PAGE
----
Mikkel grinned. "Dextor does not know of this tunnel. It is a closely guarded secret among only a few of the Guardians. You see, Peregrin, sometimes there are Circles even within Circles in Archiva."

"Yes, I am beginning to see."

Mikkel embraced each of the Rangers. "The tunnel is quite long and exits about a half mile from the ruins. When you emerge, fan out in pairs. Glide silent and sure and find good hiding places from which you can see the hilltop. Peace be to your hearts."

"And to yours," they answered and disappeared up the tunnel. Mikkel pushed the panel back into place.

"Well, those are all the reinforcements we will have. Perhaps Dextor will just want to talk. I doubt it. Well, come then. Let us have a meal together before we depart."

They walked to the kitchens. A few of the cooks were already busy, bustling over ovens and mixing bowls. When they saw Mikkel and Peregrin, they welcomed them, seated them, and cooked up a breakfast of eggs and ham for them.

"A fine last meal, if that's what it turns out to be," Mikkel said when they had finished.

"It will not be our last meal," Peregrin said. "But still, it was the best breakfast I have had in many a month."

"It's a long walk to the ruins, and we might as well be highly visible. If Dextor's men are watching us, they will be less likely to spot our Rangers," Mikkel said.

"It is time for us to go then?"

"Yes, the sun is just breaking the horizon. We should be off."

They departed by the same tunnel and route that Peregrin had originally come into Archiva, on the western side. Then it was downstream to the river and two more miles or so along it to the ruins. They walked along, chatting freely about the birds and the crops and how nice the weather had been. They could have been two men out for a stroll without a care in the world.

When they reached the ruins, Mikkel took Peregrin along a trail that led upward along the ridge under which Peregrin had spent the night on the rock ledge. The trail edged along the rock face and then cut inland away from the edge. It was not a difficult climb, but it was strenuous. When they reached the top, they were sweating and slightly winded.

Mikkel made a fist and held his arm out toward the horizon. "Right on time," he said. The sun is almost a fist above the horizon."

They kept on until the trail cut back toward the edge, moving through a grove of trees. The trees suddenly thinned out, revealing a large, flat rock, almost like a tabletop, which comprised the edge of the hill. Dextor stood on it.

He was not a tall fellow. In fact, he was shorter than most people Peregrin had seen in Archiva. He was extremely well muscled, however. His hair was gray streaked with brown, resembling weathered stone, and cut short just above his shoulders. His high forehead sloped to a blunt nose, sharp cheek bones, and a pointed chin tipped with a well-trimmed tuft of white hair. His copper skin betrayed lines from wind and sun, and his eyes were the color of twilight. He wore black pants and a tan shirt.

"Well now," Dextor said. "Face to face again, Mikkel. You see that it is truly me."

"I see you, Dextor."

"And you see that I have truly returned, as I always knew I would."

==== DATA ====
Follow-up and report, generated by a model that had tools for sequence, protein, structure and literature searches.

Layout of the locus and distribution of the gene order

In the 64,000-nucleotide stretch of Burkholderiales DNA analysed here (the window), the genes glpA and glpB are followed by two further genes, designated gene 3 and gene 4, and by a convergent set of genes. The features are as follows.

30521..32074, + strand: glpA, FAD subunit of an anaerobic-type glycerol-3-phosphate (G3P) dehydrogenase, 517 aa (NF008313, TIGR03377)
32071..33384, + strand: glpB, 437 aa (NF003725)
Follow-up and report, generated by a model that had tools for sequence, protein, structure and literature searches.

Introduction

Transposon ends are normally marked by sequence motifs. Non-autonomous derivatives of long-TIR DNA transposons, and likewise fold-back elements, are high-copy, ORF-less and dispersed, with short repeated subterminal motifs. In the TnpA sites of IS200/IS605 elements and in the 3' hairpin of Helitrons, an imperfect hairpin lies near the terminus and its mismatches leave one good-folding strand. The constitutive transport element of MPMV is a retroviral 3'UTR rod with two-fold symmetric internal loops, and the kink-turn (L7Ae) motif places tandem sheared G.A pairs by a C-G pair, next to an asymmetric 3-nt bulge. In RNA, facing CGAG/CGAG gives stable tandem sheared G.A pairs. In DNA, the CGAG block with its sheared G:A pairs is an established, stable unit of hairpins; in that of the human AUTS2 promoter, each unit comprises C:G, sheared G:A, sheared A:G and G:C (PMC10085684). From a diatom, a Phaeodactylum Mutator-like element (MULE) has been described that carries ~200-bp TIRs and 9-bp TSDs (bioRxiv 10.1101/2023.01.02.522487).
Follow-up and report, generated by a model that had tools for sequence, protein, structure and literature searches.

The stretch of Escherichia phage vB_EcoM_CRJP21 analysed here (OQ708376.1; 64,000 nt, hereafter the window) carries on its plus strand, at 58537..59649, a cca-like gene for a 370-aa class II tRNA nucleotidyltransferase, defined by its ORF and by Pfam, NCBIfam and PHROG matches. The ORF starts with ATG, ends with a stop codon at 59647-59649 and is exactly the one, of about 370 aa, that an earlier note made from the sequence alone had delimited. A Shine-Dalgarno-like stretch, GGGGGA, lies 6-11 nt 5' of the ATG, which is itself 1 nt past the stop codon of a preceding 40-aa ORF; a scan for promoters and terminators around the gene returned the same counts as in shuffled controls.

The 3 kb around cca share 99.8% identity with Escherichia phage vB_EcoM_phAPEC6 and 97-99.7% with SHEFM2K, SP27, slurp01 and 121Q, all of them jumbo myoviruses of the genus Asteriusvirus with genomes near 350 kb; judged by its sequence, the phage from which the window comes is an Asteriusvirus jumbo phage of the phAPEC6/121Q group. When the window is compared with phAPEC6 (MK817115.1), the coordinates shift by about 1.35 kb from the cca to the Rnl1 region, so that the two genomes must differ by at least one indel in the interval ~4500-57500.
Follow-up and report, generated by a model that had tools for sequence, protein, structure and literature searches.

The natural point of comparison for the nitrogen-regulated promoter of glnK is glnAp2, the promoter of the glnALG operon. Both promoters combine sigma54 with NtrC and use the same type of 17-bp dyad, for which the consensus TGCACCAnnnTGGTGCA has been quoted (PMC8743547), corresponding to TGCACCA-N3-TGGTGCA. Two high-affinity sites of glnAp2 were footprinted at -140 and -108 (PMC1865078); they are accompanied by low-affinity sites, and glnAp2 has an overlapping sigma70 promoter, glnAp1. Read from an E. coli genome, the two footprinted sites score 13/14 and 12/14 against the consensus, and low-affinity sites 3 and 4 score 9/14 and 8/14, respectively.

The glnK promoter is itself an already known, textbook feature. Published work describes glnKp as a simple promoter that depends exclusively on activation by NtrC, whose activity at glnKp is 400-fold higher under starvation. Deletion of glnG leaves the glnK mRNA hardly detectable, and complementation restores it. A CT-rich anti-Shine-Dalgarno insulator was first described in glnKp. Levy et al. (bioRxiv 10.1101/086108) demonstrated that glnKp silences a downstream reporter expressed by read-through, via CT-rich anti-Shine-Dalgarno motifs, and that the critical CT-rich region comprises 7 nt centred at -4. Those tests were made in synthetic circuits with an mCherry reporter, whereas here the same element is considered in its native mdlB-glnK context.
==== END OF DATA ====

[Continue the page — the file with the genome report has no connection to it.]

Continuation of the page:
"I see you have returned, Dextor. Let us talk now. What is it you want?"

Dextor laughed. "You are smarter than that, Mikkel," he said. "I want it all." He turned toward the ledge and spread his arms. "I want it all! All the knowledge that lies here. All the secrets that you know."

"Impossible. We are not ready to use that knowledge."

"I am ready, Mikkel. And unlike you and the rest of the sniveling Guardians, I am not afraid. It is the survival of Archiva I have at heart, Mikkel. We must use our knowledge or die."

"If that is all you have to say, then I have spent my energy climbing this hill for no reason. Good day, Dextor." He turned to leave.

Dextor snapped his fingers, and ten men stepped out from behind trees to block their way. "Mikkel, you would not be so rude as to refuse my hospitality."

"Our conversation is done here, Dextor. Let us depart as you said."

"Oh yes, I did say you could come and go freely. I'm sorry to inform you that I lied. I have no intentions of letting you leave, unless, of course, I grow tired of you and have you tossed off of the cliff."

Mikkel sighed, drew back his head, put two fingers in his mouth, and whistled.

Dextor smiled. "Why, Mikkel, are you hoping someone will come to your rescue? You are not thinking your Rangers can save you, are you?"

He snapped his fingers twice. From behind two large boulders nearby came several men, dragging six bound and gagged people with them. They cast their captives at Dextor's feet. They were Brand, Allin, Raven, Tristan, Corval, and Lindah.

Peregrin's heart sank. "Your Rangers are not as stealthy as you think, Mikkel," Dextor said. "But it was not their fault. We were waiting for them at the exit to the tunnel."

Mikkel stared at them and then at Dextor. "How did you know? You knew nothing of that tunnel when you lived in Archiva. Even if you did, how could you know they would be using that tunnel?"

"Because I told them," said a familiar voice behind them.

Mikkel and Peregrin spun around. Before them, grinning, stood a man - a tall, thin man with close-cropped dark hair. "Hello, Mikkel. Hello, Peregrin," he said.

"Hello, Carlin," Mikkel answered.